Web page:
Having a baby is a thrilling time for expecting parents. When a pregnancy is discovered a seed of excitement is planted. When the parents to be are ready to share the news, they delightfully let everyone know the due date and from there the excitement begins to bloom.
Once the news gets out, suddenly mom-to-be is showered with attention. Everyone from family, friends and doctors focus on the expectant mom and cater to her physical and emotional needs. In the midst of all this excitement, where does this leave dad-to-be? Few might stop to think about what changes and feelings he may be experiencing. Poor dad, even he himself is probably so focused on his mate, he’s not had time to consider all the big changes awaiting him, especially if he’s going to be a first-time dad.
The proud father-to-be is also a huge part of “giving birth”, but usually doesn’t receive a lot of attention despite the fact today that fathers are encouraged and allowed to participate in the prenatal and birthing procedures. No longer are dads confined to waiting rooms, unlike in previous generations. While dads today definitely have become more a part of being included in “having a baby”, it seems they somehow sometimes often get ignored a bit during the pregnancy period.
How can mom-to-be, family and friends support expectant fathers as they go through their own distinct myriad of emotions?
Moms can be inclusive by scheduling doctor appointments so dad is able to attend the prenatal appointments too. If this is not possible, at the very least try and schedule the appointment so dad-to-be can be present for the ultrasounds and experience the same wonderment.
Ensuring these are scheduled during a time where dad can be present will allow him to experience hearing the heartbeats and seeing his baby kick and move around in the womb. It will also help him understand all the procedures, tests and what to expect; this will give him a higher comfort level in being able to provide the right support when the big day comes.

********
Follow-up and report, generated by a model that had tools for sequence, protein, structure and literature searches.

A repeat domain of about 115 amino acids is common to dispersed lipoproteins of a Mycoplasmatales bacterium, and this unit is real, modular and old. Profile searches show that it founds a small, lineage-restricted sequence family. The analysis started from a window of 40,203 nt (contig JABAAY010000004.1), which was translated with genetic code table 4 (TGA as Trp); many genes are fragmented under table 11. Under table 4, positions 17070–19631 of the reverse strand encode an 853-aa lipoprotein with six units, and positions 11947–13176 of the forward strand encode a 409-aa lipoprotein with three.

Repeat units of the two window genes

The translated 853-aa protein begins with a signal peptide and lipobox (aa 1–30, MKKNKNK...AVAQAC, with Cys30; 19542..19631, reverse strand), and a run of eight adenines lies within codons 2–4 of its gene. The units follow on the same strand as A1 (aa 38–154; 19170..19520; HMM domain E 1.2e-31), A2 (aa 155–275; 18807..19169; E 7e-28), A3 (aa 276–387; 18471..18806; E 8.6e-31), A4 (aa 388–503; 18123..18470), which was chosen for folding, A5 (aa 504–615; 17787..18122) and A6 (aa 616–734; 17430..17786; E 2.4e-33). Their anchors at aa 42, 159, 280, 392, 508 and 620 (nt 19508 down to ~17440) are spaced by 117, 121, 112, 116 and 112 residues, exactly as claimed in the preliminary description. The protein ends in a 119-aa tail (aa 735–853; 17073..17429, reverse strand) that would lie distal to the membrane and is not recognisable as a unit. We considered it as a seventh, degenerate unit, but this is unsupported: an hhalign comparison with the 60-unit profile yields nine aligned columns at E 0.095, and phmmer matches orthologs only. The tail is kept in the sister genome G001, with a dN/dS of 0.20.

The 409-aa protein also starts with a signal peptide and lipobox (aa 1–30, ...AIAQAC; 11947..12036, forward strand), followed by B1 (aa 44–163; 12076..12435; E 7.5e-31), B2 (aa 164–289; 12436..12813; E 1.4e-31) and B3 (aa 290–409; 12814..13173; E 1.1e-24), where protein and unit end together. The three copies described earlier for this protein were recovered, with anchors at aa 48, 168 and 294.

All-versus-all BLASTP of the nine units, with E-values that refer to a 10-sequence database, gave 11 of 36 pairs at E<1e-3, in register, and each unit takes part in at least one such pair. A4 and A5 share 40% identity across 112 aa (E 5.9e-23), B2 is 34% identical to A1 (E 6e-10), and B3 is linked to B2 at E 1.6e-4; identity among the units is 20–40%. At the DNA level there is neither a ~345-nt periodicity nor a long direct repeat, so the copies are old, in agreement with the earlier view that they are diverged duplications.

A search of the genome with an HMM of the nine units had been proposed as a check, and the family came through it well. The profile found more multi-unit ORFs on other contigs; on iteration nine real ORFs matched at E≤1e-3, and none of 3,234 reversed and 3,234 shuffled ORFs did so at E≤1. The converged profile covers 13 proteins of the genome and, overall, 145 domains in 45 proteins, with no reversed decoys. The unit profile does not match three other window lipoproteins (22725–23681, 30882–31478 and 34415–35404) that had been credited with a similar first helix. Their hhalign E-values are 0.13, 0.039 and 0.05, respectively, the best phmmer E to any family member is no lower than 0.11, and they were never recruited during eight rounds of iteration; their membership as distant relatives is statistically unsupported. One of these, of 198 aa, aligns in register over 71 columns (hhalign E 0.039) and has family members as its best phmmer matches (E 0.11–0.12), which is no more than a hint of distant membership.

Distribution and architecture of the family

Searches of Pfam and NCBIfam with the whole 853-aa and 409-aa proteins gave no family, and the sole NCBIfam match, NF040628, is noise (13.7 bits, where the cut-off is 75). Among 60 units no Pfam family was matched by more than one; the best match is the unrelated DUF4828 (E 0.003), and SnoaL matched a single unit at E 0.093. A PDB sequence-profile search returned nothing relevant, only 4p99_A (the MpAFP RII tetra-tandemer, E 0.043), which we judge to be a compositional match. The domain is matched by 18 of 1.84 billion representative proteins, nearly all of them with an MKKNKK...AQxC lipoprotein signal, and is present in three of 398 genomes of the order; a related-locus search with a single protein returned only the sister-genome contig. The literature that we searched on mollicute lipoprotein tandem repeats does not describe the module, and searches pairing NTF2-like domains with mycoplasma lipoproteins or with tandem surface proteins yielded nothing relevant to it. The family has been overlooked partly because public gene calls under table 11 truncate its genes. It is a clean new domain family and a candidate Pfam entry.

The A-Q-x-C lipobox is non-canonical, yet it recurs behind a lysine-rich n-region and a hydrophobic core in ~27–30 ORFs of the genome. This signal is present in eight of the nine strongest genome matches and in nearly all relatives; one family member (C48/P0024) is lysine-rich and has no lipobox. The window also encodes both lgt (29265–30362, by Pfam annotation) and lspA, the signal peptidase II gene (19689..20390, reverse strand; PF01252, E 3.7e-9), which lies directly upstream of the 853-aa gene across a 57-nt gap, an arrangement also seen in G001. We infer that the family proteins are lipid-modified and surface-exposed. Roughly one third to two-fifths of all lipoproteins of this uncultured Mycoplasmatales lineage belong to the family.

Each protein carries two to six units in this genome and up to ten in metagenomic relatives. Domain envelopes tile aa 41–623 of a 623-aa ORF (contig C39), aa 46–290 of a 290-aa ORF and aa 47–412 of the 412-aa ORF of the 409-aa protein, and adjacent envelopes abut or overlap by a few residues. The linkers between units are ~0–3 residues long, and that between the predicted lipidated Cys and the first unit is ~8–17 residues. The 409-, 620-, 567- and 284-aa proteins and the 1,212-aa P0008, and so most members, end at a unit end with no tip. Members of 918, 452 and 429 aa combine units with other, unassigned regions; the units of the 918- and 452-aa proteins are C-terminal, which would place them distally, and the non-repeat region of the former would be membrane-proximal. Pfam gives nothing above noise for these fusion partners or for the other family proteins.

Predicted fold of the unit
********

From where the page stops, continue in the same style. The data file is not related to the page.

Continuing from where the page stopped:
Another way to be inclusive is to ask the expectant father’s opinions on decorations, furniture and baby equipment. Moms should also include dad in the selection of baby’s layette. Often it is assumed dads aren’t interested in these activities, but this is not necessarily always the case.
Family and friends should make an attempt to include dad in the baby shower. Traditionally only women were invited to these events, but times have changed. Including the expecting father to the shower will make him feel special and acknowledge that he too is having a baby. This will mean more to him than you’ll know. Many expectant fathers are ecstatic to be included during this special day.
Offer Advice and Encouragement
Photo Credit: Leigh Goessl
Male friends and family who have children should try their best to support the expectant dad. This can be done by welcoming and introducing him into the world of parenting by telling anecdotes, sharing experiences and inviting questions he may be wondering about. “War stories” are a great source of information and wisdom.
Overnight Bag for Hospital
One of the essential things that is often forgotten is to remind dad he needs to have an overnight bag! This is probably one of the most overlooked things during the trip to the hospital. After being up for many hours of labor and birth, a shave and a fresh change of clothes will be welcomed. Today many hospitals even make room for dad to stay overnight.
Expectant parents are both in need of support. The days of figurehead fathers are long gone; dads today actively participate in all aspects of raising children, including the birthing process. Why should the expecting time be any different? Finding ways to support expectant fathers is an important part of the process. Both parents will be playing a central role in the birthing process and it is important that dad isn’t overlooked in the preparation period when everyone is anxiously awaiting baby’s arrival.
Leigh has been writing on the web since 2007. She has a high interest in business, tech, higher education, and Washington D.C. and Northern Virginia travel, but loves to write about a variety of topics. In addition to writing on Writedge, she also runs a blog about the Washington DC Metro Area and a photography blog Photos by Leigh Goessl.